But look for cash-strapped legislatures across the country to consider this latest tactic to feed from the Medicare National Bank: in Colorado, held to lower taxes by their self-imposed "Tax Payers Bill of Rights" (or so-called TABOR law enacted in 1992), legislatures have resorted to a "sick tax" cleverly disguised as a hospital fee added without line-item status to hospital bills:
The state House has passed HB 1293, a tax on sick people. The bill directs hospitals to add a “fee” of up to 5.5 percent on every patient’s bill, keeps the fee secret by prohibiting hospitals from listing it separately, and reimburses hospitals on the basis of what they say their costs are.As Linda Goreman, director of the Health Care Policy Center for the Independence Institute, a Golden-based libertarian think tank points out (pdf):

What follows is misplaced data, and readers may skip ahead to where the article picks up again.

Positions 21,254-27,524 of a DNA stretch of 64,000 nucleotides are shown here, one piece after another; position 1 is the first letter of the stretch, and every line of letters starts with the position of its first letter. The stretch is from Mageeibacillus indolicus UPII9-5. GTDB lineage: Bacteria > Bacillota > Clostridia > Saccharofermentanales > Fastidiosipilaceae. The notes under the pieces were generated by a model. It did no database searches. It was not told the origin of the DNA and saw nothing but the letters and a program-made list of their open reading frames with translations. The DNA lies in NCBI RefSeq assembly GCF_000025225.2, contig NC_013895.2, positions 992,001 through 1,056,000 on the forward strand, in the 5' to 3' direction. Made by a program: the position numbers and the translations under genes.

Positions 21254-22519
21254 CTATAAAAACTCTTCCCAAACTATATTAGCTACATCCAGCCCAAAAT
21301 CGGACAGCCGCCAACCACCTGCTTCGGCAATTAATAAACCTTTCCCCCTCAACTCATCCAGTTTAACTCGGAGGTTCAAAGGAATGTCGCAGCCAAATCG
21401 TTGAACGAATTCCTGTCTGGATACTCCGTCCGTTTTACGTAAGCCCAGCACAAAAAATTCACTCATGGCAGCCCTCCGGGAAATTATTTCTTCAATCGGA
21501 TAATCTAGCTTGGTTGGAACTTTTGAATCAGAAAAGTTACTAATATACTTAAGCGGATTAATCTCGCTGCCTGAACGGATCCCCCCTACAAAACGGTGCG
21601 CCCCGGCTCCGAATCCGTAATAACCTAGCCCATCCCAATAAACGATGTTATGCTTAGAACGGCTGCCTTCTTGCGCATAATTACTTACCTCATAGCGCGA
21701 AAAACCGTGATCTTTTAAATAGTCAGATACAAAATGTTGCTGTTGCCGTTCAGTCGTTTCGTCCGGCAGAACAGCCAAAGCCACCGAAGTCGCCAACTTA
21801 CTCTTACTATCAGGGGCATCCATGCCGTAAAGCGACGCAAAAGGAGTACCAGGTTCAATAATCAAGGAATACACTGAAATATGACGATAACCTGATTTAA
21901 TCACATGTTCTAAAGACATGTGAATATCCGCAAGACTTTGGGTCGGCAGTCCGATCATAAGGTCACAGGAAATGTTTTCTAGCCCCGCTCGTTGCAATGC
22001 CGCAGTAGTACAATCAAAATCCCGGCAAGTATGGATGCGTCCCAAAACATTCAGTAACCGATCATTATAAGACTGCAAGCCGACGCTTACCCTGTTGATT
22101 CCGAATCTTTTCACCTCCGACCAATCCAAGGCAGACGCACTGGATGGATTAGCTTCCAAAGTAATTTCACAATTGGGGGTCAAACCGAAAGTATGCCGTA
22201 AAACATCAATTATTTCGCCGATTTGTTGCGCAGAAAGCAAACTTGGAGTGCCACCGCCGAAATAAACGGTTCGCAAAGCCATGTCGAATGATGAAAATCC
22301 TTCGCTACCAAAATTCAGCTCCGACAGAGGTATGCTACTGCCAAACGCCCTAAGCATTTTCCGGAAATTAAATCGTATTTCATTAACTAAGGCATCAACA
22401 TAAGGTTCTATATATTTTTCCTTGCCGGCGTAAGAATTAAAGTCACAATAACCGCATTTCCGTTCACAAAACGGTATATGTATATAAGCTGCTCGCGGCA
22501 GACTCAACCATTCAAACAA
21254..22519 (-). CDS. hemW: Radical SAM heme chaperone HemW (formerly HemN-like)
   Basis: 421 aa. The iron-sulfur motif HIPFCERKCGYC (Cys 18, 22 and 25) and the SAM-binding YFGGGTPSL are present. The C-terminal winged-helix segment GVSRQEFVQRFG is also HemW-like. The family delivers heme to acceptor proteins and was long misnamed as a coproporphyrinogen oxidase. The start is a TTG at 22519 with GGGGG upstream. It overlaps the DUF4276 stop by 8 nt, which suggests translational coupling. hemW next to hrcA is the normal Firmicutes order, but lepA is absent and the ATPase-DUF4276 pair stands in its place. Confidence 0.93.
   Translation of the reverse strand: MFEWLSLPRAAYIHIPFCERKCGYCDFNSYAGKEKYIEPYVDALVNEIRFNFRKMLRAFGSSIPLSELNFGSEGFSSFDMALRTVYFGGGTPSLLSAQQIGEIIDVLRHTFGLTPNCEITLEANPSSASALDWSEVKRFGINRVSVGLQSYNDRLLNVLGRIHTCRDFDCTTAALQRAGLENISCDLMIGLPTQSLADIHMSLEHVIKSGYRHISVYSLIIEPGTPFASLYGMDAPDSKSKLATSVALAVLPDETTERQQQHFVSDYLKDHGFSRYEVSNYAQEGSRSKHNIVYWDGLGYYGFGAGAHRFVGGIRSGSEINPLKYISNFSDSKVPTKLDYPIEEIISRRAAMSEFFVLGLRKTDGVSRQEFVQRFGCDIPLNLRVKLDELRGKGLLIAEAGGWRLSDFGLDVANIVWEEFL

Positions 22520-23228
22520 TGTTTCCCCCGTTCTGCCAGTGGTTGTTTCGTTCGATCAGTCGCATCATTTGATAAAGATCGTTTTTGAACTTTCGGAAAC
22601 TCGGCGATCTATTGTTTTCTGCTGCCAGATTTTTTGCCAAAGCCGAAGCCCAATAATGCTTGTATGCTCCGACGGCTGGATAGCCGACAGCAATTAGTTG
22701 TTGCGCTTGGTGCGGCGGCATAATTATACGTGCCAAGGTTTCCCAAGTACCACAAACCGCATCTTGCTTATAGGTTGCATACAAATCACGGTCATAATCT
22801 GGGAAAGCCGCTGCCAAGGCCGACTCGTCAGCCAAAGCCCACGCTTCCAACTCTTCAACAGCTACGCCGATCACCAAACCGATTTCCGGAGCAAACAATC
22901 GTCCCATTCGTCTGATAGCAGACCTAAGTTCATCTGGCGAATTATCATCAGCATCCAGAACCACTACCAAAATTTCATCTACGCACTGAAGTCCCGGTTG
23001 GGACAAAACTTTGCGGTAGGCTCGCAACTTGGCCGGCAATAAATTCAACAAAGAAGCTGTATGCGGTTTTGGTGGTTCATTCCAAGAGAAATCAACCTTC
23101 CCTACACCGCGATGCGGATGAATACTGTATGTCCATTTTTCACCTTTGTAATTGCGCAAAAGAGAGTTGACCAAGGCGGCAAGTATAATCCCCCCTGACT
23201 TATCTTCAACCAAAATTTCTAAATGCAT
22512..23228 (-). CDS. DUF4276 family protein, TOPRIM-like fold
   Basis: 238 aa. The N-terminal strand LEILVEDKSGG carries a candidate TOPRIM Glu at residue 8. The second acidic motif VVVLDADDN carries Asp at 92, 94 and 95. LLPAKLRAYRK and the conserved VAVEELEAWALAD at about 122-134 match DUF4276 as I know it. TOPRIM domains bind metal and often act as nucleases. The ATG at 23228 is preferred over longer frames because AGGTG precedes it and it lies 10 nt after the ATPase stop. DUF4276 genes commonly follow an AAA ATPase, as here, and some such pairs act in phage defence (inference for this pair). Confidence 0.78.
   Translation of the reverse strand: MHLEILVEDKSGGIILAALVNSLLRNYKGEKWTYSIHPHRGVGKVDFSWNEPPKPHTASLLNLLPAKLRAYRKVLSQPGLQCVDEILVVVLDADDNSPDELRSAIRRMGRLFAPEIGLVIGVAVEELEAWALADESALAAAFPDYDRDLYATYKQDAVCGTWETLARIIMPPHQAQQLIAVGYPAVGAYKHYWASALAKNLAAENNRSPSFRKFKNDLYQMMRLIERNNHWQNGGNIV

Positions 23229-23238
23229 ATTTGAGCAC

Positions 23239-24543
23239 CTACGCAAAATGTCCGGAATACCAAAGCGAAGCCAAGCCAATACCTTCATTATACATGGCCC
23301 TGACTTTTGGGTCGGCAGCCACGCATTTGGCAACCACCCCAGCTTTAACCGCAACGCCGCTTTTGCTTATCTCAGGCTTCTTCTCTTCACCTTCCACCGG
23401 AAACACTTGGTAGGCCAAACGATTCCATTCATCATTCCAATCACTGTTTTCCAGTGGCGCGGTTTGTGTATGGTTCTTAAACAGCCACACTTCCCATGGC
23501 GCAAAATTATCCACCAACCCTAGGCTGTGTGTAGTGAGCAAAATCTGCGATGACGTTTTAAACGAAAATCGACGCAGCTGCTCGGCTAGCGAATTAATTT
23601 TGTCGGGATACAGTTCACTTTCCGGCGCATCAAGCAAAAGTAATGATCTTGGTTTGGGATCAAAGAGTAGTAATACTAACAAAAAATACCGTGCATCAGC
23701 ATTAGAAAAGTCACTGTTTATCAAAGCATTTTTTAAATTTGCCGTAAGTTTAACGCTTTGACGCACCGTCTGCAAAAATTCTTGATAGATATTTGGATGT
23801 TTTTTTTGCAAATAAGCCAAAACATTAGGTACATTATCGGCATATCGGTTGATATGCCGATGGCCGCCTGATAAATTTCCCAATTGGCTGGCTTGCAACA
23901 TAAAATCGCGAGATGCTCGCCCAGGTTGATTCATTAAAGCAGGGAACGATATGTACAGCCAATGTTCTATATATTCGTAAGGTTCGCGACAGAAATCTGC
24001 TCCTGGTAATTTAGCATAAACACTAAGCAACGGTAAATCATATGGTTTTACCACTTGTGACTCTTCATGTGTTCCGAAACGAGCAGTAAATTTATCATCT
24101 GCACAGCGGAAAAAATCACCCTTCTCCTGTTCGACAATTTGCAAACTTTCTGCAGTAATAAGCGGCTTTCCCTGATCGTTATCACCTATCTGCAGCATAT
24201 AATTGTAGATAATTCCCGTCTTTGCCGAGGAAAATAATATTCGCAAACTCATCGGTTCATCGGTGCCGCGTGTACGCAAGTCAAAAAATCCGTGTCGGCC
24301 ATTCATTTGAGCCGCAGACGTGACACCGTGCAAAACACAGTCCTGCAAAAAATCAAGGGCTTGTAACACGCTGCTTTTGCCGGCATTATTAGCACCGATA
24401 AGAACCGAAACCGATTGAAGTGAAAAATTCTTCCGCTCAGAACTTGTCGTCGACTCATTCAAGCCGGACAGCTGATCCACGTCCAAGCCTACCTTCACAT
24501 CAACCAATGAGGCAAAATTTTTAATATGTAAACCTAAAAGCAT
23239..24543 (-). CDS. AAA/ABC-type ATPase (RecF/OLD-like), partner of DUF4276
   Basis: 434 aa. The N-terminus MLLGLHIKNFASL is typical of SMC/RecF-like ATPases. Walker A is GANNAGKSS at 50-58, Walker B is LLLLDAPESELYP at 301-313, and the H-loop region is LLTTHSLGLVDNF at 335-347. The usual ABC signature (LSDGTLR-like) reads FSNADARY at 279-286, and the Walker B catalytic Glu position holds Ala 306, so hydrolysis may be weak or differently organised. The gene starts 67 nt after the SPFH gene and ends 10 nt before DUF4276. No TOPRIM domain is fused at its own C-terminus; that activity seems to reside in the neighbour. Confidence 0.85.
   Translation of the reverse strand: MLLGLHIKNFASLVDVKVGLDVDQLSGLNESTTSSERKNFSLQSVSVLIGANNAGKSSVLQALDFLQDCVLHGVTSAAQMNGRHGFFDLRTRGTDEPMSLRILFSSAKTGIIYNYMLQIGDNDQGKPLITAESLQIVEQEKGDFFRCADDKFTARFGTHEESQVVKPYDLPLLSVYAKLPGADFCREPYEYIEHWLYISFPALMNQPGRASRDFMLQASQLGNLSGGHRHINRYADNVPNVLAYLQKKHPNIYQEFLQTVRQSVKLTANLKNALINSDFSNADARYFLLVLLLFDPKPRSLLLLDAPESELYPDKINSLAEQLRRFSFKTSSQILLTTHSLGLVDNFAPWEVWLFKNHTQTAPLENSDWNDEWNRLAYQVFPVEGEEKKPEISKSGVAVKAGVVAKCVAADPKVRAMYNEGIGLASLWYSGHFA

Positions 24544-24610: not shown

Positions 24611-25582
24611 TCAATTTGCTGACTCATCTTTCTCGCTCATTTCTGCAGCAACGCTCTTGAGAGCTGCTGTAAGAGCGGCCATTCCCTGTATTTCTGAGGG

Those supporting HB 1293 pretend that this is a fee on hospitals. They say hospitals will pay this fee, something that can be true only if hospitals have large pots of surplus funds lying around.
The ultimate irony in all this is that HB 1293’s sponsors upped the ante on their language perversion by claiming that the magic fee that increases the cost of private sector health care to the tune of $600,000,000 a year “makes health care more affordable.” They even named HB 1293 the “Colorado Healthcare Affordability Act.” For this legislature, bigger government and higher fees translates into more affordable living both for it and for its big business friends.Hey, if they can do it to our cable and phone bills, why not hospital bills, too?
If it gets rewarded for its tax into fee prestidigitation and its “affordability” act, voters should expect the future to bring such affordability measures as income taxes transmuted into job privilege fees, increased sales taxes transmuted into transactions fees, and constitutional protections transmuted into therapeutic suggestions.
All in the name of making health care more "affordable."
h/t: Walter Olson, editor, Point of Law.